Corporate Integrity and Accountability

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SAGE, Jun 30, 2004 - Business & Economics - 287 pages
The ethical and legal scandals at Enron, WorldCom, Tyco and many other businesses in the United States, Europe and Asia have shaken people's confidence in business. Corporate Integrity and Accountability seeks to address questions of corporate integrity as they arise for financial reporting, executive compensation, globalization, and business ethics itself. In so doing it asks the following questions: What is the current meaning of corporate integrity? How should we go about analyzing and responding to unethical and corrupt behavior both at home and abroad? What measures can be undertaken by corporations within their own walls to address these problems? What groups and perspectives need to be taken into account with regard to CEO compensation? These are a few of the many topics that the chapters in this book discuss under the heading of corporate integrity and accountability. The chapters are the product of leading business ethicists-both academic and practitioner-in the U.S. and Europe, resulting in the application of different methodologies, sources, and forms of argument. This gives the reader a sense not only of the complexity of some of the ethical issues business faces, but also the richness of the various resources that are available to address these issues. Corporate Integrity and Accountability is ideally suited as a text for courses in the following: business ethics, corporate social responsibility, current ethical issues in business, and corporate citizenship.

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The Book corporate Integrity and accountability is a major contribution to corporate ethics,the lack of which in the financial sector led to the current crisis...The ethics of reporting of has assumed significance according to the authors. A critical examination of the crisis highlights a number ethical concerns which violates the CFA Institute Code: a) “Act with integrity, respect and in an ethical manner) Use reasonable care and exercise independent judgments, c) Practice and encourage others to practice in a professional and ethical manner. Had these professional ethical codes been observed by the actors in the financial industry, the industry and people at large could have been benefited. In this financial crime with no punishment these questions will continue to haunt us.The book focuses on integrity, transparency and accountability in the financial sector.congrats to the authors for illuminating the landscape with a moral domain/vision...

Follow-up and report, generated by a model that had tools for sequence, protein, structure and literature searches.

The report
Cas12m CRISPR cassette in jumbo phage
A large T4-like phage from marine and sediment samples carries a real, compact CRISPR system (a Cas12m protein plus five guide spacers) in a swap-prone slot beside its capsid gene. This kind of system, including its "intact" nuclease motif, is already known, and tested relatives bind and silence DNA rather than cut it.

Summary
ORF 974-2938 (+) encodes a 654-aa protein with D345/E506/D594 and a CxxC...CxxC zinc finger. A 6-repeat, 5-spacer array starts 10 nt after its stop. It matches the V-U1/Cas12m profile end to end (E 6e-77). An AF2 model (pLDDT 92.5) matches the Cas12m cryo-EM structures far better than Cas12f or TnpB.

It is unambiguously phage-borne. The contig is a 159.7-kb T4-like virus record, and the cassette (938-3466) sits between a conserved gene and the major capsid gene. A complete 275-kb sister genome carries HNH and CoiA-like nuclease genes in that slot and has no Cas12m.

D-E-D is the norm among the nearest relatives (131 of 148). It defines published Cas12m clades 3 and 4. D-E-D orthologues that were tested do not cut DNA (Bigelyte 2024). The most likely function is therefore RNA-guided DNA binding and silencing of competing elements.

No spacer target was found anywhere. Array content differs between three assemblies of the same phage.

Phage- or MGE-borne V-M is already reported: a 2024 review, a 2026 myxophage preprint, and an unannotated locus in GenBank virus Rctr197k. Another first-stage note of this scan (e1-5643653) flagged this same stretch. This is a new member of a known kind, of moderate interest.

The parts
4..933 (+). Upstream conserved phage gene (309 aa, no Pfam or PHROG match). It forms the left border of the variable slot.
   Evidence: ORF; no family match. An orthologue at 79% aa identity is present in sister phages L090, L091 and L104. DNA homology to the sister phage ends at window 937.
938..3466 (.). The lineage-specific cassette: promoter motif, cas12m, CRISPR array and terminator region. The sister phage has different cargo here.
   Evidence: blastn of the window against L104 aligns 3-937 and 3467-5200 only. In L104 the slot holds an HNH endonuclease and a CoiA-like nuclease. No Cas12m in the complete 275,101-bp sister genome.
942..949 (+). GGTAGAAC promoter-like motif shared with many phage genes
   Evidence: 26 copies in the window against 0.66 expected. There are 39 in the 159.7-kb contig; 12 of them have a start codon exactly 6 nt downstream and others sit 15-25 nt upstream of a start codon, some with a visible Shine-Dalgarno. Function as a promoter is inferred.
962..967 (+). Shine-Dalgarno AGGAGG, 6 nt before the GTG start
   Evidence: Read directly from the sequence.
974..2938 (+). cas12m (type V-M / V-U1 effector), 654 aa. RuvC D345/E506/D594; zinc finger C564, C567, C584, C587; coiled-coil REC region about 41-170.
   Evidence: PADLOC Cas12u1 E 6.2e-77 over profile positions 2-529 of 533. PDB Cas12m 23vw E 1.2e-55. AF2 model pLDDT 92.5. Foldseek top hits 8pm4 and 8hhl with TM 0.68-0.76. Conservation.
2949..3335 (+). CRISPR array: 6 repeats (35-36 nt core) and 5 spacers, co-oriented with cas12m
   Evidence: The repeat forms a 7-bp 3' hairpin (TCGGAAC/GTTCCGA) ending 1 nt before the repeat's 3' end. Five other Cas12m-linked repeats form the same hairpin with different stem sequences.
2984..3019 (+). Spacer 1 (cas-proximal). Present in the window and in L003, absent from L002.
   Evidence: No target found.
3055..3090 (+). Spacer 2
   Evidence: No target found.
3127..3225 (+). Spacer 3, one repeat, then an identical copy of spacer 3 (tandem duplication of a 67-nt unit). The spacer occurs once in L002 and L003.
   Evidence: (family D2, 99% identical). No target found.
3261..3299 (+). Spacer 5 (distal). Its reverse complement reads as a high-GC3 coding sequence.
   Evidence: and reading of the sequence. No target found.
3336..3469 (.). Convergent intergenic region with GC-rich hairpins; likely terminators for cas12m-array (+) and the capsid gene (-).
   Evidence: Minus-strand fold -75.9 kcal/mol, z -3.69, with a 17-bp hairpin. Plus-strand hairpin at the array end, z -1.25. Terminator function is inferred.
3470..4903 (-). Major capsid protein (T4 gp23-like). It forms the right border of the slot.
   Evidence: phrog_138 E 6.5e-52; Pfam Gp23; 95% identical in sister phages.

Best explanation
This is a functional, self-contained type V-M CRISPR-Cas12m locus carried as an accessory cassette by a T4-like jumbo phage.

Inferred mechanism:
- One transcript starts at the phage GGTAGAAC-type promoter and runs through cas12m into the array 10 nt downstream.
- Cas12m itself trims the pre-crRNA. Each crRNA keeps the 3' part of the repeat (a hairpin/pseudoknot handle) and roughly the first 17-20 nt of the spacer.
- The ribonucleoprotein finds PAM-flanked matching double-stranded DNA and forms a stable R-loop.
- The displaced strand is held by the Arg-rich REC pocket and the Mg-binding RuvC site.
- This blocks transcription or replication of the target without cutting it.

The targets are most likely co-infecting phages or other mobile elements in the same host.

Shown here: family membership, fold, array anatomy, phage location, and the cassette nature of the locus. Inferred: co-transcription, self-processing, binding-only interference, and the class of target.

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About the author (2004)

George G. Brenkert is Professor of Business Ethics and Director of the Georgetown Business Ethics Institute. He is current Editor-in-Chief of Business Ethics Quarterly, the journal of the Society for Business Ethics, of which he is also a past President.

Since 2000, Professor Brenkert has been Director, Georgetown Business Ethics Institute, and is past President, Society for Business Ethics. Formerly, he was Head of the Department of Philosophy at the University of Tennessee.

He is author of Marx's Ethics of Freedom (London: Routledge & Kegan Paul, 1983), and Political Freedom (London: Routledge, 1991). Professor Brenkert's refereed articles have appeared in numerous journals such as: The Journal of Ethics; Business Ethics Quarterly;and Public Affairs Quarterly. He is a member of the American Philosophical Association, the American Society for Political and Legal Philosophy, the International Association for Business and Society, the North American Society for Social Philosophy and the Society for Business Ethics.

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